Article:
Geoffrey Victor Bland
- 257Wallaby Number
Geoff Bland was a rugged and mobile lock forward who developed into a specialist line-out option for the Wallabies in the late 1920s / early 1930s. ‘A fine specimen of Australian manhood’ at 6ft. and 13st., Bland was also a star surf life saver with the North Steyne Surf Life Saving Club on Sydney’s Manly Beach. One of the best juniors that club ever possessed, Bland was said to be ‘almost invincible in surf and belt races’ and one of the best sweep oarsman in the state. So fond of the surf was Bland that he played his junior rugby with the North Steyne Surf XV from where he graduated to the Manly first grade side in 1925.
Two years later Bland was chosen to play for New South Wales ‘3’ in the trials ahead of the momentous Waratahs tour to North Hemisphere at the end of the year. When the squad for the tour was announced only 28 of the expected 29 names were released. In one of the more stunning selections, Bland secured the final spot when most experts thought that a flanker would be chosen. Nonetheless Bland was viewed a player who would perform ‘valiant service as a relieving man in the second row.’ Although he only played six games on tour, including two in Canada on the way home, Bland returned home a far better player for the experience.
The following season he was one of just three 27/28 Waratahs who were chosen to tour to New Zealand after no fewer than 13 players had either retired or ruled themselves unavailable, predominantly due to financial reasons, for consideration. Bland was chosen for the tour opener against Auckland only to break his nose and miss four matches including the first (two) ‘Tests’. He returned to play Southland and from there was selected for the third game against New Zealand in Christchurch which, some 66 years later, would be confirmed as his Test debut. That match was one of 34 that were retrospectively elevated to Test status by the ARU in order to recognise all New South Wales fixtures played against international opposition in the 1920-28 period (the five 1927/28 Waratahs’ internationals had been granted Test status in 1986).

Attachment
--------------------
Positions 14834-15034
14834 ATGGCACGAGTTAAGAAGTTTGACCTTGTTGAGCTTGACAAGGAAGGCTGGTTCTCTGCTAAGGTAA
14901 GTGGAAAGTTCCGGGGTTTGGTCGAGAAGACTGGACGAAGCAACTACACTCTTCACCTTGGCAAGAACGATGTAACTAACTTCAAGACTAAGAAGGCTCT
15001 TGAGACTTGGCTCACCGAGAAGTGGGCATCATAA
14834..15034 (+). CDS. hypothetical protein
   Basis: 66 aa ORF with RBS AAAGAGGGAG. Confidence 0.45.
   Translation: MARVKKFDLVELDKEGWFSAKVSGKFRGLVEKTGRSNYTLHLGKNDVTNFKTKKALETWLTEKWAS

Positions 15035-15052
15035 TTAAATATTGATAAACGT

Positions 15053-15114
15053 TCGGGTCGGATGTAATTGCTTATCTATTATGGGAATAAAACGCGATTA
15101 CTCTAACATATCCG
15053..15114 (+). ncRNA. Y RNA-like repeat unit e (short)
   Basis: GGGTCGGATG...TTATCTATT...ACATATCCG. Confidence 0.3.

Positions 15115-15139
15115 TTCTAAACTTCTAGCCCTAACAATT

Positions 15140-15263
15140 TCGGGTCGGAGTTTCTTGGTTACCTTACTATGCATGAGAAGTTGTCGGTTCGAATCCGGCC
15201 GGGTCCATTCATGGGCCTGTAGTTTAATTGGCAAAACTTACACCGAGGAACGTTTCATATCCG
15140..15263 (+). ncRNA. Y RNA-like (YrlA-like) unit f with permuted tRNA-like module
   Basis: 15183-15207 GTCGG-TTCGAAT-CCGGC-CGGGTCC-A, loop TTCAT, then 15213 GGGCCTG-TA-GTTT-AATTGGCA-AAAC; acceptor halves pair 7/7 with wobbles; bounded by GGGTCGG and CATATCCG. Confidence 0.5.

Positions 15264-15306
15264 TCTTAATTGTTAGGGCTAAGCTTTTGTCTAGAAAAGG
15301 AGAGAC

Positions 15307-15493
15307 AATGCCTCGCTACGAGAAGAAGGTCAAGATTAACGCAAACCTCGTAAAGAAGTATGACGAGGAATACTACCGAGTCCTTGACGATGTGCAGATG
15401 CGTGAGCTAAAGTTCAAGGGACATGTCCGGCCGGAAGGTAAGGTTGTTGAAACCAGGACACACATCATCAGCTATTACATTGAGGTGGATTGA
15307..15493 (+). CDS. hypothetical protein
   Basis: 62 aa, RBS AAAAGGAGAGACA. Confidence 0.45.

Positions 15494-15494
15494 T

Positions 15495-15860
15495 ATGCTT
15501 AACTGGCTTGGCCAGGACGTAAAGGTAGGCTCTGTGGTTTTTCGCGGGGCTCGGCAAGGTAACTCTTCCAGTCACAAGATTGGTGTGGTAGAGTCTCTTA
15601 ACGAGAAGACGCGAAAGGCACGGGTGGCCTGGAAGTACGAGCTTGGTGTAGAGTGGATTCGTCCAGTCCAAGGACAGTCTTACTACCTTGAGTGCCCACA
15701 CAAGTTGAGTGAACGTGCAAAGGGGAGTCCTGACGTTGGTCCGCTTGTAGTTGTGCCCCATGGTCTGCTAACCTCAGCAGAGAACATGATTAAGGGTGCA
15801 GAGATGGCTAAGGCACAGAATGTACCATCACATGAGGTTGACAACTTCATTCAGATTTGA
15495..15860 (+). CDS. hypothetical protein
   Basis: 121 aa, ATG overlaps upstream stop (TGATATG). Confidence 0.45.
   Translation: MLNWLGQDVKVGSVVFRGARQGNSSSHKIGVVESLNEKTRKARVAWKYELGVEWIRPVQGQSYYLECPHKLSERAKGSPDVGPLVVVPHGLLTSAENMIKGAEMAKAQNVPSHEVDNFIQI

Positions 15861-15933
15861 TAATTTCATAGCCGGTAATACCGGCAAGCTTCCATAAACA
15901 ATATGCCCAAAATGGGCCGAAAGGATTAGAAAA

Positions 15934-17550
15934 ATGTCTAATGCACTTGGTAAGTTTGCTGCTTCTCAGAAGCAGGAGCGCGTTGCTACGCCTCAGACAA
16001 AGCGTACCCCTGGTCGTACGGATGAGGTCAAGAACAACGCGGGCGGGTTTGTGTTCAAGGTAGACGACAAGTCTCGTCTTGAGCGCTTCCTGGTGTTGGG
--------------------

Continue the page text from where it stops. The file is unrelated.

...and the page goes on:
A week later Bland ran out against the Maori and although he would never know of it, he now had two Test caps. Incredibly Bland did not play another international for almost four years when he was recalled for each of the home series against New Zealand. His performances over those three Tests earned him a spot on the much-prized and inaugural Wallaby tour to South Africa in 1933. Bland played 15 matches, including four of the five Tests. In the second international at Durban he was chosen at No.8 in an all-Manly back-row that included Aub Hodgson and Bob Loudon. Australia won 21-6 to hand the Springboks their biggest home defeat on record and one that stood until the Lions’ 28-9 victory in 1974.
After the tour Bland announced his retirement from representative rugby and made his way to the United Kingdom where he sold insurance, coached and refereed in Glasgow, Scotland. Bland served as a lieutenant in the Irish Guards during World War II and saw action in both North Africa and Italy.
Geoff Bland played nine Tests for Australia in a six-year international career.
Bland won his first Test cap at lock in combination with Jack O’Connor in the 3rd Test, 11-8 victory over New Zealand at Lancaster Park. He picked up a second cap, this time at No.8 in the 8-9 loss to the Maori at Athletic Park.
Bland partnered Queensland’s Graham Cooke in the middle row for each of the three home defeats to New Zealand.
He played in four of the five Tests on the tour of South Africa however only two were played at lock. Bland started at flanker in the 1st Test 3-17 defeat at Newlands and at No.8 in the 21-6 victory at Durban. He missed a spot for the 3rd Test in Johannesburg but returned at lock for the final two internationals after Cooke was ruled out with an ankle injury.